EVALUATION OF A MULTIMEDIA DIGITAL ART COURSE 22 memory in middle aged and older adults Creativity Research Journal 29 (1), 71 77 doi : 10.1080/10400419.2017.1263512 Strout, K A., David, D J., Dyer, E J., Gray, R C., Robnett, R H., & Howard, E P (2016) Behavioral interventions in six dimensions of wellness that protect the cognitive health of community dwelling older adults: A syst ematic review Journal of the American Geriatrics Society, 64 (5), 944 958 doi:10.1111/jgs.14129 Tribe, M., & Jana, R (2006) New media art (U Grosenick Ed.) KÂšln, London, Los Angeles, Madrid, Paris, & Tokyo: Taschen. Ueno, K., Takahashi, T., Takahashi, K., Mizukami, K., Tanaka, Y., & Wada, Y (2015) Neurophysiological basis of creativ ity in healthy elderly people: A multiscale entropy approach Clinical Neurophysiology 126 (3), 524 531 doi:10.1016/j.clinph.2014.06.032 Wohlslagel, D (2014) NCCA online artist training: A self paced introduction to planning and leading arts programming for older adults Retrieved from https://creativeaging.org/training/online artist training/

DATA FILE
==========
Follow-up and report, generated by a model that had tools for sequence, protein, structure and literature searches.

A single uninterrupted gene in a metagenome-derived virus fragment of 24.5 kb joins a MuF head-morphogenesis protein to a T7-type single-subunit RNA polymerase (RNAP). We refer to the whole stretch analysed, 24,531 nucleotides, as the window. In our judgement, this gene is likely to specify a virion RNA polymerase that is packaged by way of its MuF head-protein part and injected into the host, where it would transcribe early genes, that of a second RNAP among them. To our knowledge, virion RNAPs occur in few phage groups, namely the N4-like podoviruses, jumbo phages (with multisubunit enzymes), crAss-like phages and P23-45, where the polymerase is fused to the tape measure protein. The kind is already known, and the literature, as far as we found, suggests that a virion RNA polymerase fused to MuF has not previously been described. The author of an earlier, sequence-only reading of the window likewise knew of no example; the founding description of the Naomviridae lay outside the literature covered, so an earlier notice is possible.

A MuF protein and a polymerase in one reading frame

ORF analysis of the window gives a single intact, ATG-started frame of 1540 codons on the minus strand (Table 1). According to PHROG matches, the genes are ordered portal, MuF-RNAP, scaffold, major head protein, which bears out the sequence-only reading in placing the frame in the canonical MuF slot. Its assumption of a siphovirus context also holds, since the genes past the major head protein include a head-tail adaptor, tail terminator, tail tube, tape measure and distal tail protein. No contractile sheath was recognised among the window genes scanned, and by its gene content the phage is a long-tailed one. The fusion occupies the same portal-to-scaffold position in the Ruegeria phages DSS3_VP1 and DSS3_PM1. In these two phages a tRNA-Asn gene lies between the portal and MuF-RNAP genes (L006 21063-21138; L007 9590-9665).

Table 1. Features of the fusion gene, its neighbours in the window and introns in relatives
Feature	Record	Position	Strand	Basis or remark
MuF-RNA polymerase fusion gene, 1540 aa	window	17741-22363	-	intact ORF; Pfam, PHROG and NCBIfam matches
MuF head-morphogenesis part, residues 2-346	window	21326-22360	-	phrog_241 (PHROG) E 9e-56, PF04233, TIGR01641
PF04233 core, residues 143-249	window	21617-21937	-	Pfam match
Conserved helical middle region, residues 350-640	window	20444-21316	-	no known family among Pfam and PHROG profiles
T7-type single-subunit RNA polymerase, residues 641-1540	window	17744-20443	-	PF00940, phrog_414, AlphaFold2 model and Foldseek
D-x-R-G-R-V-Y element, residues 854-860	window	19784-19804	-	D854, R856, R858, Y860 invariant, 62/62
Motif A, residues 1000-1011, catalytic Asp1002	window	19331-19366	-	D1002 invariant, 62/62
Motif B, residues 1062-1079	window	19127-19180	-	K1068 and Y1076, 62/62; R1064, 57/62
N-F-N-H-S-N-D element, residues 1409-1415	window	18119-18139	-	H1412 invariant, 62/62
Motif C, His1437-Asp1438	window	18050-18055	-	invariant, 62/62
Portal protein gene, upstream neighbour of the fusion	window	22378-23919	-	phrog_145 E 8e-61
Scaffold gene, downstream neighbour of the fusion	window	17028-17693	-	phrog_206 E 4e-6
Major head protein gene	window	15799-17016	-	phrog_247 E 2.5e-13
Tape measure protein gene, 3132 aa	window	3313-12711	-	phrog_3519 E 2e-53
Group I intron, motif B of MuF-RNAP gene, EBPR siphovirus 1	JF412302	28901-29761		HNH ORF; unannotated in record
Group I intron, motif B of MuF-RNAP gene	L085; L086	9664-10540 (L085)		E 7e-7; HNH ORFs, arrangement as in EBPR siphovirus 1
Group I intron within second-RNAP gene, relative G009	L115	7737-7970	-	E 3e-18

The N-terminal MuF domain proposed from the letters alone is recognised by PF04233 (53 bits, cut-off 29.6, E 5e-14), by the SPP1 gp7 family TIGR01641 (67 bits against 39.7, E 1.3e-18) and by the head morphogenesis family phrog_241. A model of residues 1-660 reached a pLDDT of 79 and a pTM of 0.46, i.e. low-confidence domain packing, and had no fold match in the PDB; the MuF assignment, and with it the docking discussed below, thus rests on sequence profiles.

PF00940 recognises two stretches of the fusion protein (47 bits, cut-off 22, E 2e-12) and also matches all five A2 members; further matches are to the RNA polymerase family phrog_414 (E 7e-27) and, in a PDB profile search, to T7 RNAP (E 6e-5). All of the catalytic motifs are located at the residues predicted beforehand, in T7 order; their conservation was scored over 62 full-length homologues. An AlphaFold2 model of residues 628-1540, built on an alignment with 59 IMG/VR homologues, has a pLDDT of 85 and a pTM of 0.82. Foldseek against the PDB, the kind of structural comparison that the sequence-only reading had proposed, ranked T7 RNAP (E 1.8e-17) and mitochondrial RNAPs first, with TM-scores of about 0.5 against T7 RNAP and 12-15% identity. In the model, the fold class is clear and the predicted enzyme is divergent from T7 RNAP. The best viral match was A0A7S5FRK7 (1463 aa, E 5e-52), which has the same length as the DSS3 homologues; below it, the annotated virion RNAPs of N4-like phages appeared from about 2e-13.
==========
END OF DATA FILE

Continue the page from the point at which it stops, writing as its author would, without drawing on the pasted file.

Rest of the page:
EVALUATION OF A MULTIMEDIA DIGITAL ART COURSE 23 Appendix A Logic Model Inputs Activities Outputs Short Term Outcomes Long Term Outcomes Arts in medicine graduate student (with expertise in multimedia digital art and graphic design) Graduate student leads multimedia digital art course with assistance from volunteer artist(s) and guidance from established arts in health organizations. Classes are in person, hands on, and presented in a way that is understandable to target audience. A new, in person, multi week, multimedia digital art course for residents (a collaborative effort of the two arts in health organizations) Residents can attend a wider variety of programs, one that will enhance their knowledge of multimedia digital art and m obile app usage Best practices for a course like this are established and similar courses are offered in the future (other locations, similar topics) Handouts for each project Participants can practice on their own time outside of class and follow along better in class Participants have a better understanding of course content and are able to enhance their skills further Supervision and collaboration (secondary arts in health organization) Secondary arts in health organization provides the facility, participants, and guidance to ensure proper protocols and structure are followed The course upholds the values and protocols already established by the secondary arts in health organization Participants enjoy learning new skills and making art More collaborative efforts between the two organizations and other multimedia digital art courses for older adults A culminating event to show participant's work Participants are able to share work with others (in person) Others may be inspired to take a similar course Supervision and collaboration (primary arts in health organization) Primary arts in health organization provides volunteer artists who are trained to work with sensitive populations and provides guidance as needed The course upholds the val ues and protocols already established by the primary arts in health organization Staff and residents are assured that the classes are being taught by people who are both knowledgeable in the field and trained to work with populations that may be more sensi tive than the average person More collaborative efforts between the two organizations and other multimedia digital art courses for older adults Volunteers from the primary arts in health organization (photographers, graphic designers, multimedia artists, etc.) Volunteer artists provide expertise unique to his or her particular discipline Course content delivered by experienced professionals Volunteers contribute skills and expertise in a meaningful way Volunteer artists feel they are involved and contribut ing to their community in a meaningful way Older adult participants at a senior independent living facility that focuses on engaging in the arts and lifelong learning Residents attend and participate in the multimedia digital art course Participants who are interested in learning new skills Participants have an intention to learn new skills Participants continue to have a desire to learn new skills and advanced the skills established in this course, promoting lifelong learning and decreasing the "digital divide" Mobile devices (capable of downloading applicable apps) Mobile devices are made available to participants if they do not plan to bring their own and back ups are available, in case of any technical difficulties Mobile devices for each participant Participants are able to complete the projects Participants feel more comfortable to try doing similar projects in the future